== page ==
The Black Spectacles
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First UK edition cover
|Author||John Dickson Carr|
|Original title||US title: "The Problem of the Green Capsule: being the psychologist's murder case"|
|Genre||Mystery, Detective novel|
|Publisher||Hamish Hamilton (UK) & Harper (USA)|
|Media type||Print (Hardback & Paperback)|
|Pages||223 pp (International Polygonics paperback edition, 1986)|
|ISBN||0-930330-51-X (International Polygonics paperback edition, 1986)|
|Preceded by||The Crooked Hinge (1938)|
|Followed by||The Problem of the Wire Cage (1939)|
The Black Spectacles (published in the US as The Problem of the Green Capsule, with the subtitle "Being the psychologist's murder case"), first published in 1939, is a detective story by John Dickson Carr featuring his series detective Gideon Fell. This novel is a mystery of the type known as a locked room mystery (or more properly a subset of the locked room mystery called an "impossible crime" story).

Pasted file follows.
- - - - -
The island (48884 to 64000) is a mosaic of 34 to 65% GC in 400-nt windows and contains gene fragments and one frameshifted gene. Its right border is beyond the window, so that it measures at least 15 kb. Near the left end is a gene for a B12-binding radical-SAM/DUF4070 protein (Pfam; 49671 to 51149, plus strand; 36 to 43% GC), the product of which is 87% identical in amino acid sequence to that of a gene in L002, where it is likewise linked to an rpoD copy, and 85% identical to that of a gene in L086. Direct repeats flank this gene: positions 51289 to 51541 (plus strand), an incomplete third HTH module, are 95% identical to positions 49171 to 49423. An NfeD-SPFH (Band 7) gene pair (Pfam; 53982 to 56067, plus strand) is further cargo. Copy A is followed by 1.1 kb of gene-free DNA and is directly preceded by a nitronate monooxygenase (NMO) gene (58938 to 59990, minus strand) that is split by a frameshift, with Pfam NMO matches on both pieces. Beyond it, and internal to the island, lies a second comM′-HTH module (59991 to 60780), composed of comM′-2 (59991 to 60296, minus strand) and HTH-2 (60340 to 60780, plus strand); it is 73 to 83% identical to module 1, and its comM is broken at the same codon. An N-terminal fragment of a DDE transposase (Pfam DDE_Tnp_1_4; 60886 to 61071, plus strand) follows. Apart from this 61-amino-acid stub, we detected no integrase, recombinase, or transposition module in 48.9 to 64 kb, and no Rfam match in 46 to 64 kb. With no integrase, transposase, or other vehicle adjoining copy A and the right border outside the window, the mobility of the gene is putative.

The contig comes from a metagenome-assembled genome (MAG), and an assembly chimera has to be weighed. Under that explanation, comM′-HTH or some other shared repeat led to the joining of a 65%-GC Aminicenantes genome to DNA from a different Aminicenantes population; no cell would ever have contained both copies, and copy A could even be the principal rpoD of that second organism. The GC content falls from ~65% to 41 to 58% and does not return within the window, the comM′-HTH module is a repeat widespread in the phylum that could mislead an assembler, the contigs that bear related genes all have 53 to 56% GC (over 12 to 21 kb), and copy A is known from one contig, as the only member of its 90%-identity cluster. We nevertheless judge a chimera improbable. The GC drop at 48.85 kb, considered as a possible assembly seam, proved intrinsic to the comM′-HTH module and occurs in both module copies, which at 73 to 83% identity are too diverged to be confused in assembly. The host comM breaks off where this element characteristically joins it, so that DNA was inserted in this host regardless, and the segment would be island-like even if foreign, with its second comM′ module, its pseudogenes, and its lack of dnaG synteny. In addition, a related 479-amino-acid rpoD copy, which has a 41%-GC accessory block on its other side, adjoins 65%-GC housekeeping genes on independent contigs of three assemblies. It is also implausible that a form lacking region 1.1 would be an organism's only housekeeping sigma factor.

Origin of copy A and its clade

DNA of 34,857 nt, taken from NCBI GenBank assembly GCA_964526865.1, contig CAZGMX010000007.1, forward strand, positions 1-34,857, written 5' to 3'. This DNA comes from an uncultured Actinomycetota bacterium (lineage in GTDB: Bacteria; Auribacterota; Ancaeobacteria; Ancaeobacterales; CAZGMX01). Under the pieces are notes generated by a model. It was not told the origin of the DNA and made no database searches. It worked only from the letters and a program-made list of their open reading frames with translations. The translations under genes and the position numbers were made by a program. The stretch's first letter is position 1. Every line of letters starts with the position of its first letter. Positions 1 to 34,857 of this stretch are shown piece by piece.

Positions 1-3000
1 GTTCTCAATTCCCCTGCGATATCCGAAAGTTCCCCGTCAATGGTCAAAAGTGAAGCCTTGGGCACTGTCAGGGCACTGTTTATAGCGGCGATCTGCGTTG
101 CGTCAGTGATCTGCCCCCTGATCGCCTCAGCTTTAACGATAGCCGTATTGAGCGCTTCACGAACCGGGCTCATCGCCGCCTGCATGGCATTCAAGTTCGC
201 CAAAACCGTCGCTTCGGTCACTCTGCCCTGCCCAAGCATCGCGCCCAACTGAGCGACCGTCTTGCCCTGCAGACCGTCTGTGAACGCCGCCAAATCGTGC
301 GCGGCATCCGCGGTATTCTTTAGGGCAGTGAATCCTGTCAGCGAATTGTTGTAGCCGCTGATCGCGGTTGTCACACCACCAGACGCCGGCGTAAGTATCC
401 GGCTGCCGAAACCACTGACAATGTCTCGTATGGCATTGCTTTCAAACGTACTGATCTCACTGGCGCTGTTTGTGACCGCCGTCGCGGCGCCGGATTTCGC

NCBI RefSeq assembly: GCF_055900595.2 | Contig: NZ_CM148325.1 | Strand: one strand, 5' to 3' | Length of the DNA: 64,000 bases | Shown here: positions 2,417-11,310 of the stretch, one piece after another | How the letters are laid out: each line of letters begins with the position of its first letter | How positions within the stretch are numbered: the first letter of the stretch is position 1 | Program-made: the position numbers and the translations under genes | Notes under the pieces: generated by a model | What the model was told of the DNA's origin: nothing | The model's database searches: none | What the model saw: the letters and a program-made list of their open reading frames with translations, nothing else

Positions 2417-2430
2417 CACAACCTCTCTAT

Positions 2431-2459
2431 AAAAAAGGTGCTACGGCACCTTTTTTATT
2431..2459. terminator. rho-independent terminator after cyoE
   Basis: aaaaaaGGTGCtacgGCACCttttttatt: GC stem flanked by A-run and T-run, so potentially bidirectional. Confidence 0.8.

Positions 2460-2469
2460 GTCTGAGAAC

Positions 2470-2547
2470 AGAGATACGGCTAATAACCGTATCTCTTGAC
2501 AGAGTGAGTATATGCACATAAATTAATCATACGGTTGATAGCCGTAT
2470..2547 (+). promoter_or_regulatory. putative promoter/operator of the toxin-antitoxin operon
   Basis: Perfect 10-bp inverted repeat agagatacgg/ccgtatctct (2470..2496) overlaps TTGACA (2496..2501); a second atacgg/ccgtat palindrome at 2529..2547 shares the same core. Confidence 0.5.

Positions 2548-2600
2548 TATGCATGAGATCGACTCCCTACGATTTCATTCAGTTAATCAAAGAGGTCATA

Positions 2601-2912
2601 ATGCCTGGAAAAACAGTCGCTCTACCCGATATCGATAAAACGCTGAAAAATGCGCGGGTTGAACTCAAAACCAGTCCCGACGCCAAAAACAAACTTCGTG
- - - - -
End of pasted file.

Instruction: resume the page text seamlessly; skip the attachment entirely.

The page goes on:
In the small English village of Sodbury Cross, pretty Marjorie Wills is suspected of having poisoned some chocolates in the local tobacco-and-sweet shop, using a method pioneered by historical poisoner Christiana Edmunds. Her uncle, wealthy Marcus Chesney, believes that eyewitnesses are unreliable. He avers that to observe something, then to relate accurately what was just seen, is impossible. In order to prove his statements, he sets up a test; three witnesses are invited to witness some staged events not only in their view but in that of a movie camera. After the events, it is planned that they will answer a list of ten questions. Marcus Chesney takes a principal role in the staged events and, during them, is fed a large green capsule containing poison by a masked and disguised figure wearing black spectacles. Amazingly, the three witnesses cannot agree upon the answers to any of the questions and no one can identify the murderer. It seems as though Chesney very carefully set up the ideal conditions for someone to murder him and escape, but Gideon Fell, upon viewing the movie footage, can answer all ten questions plus the eleventh—who is the murderer?
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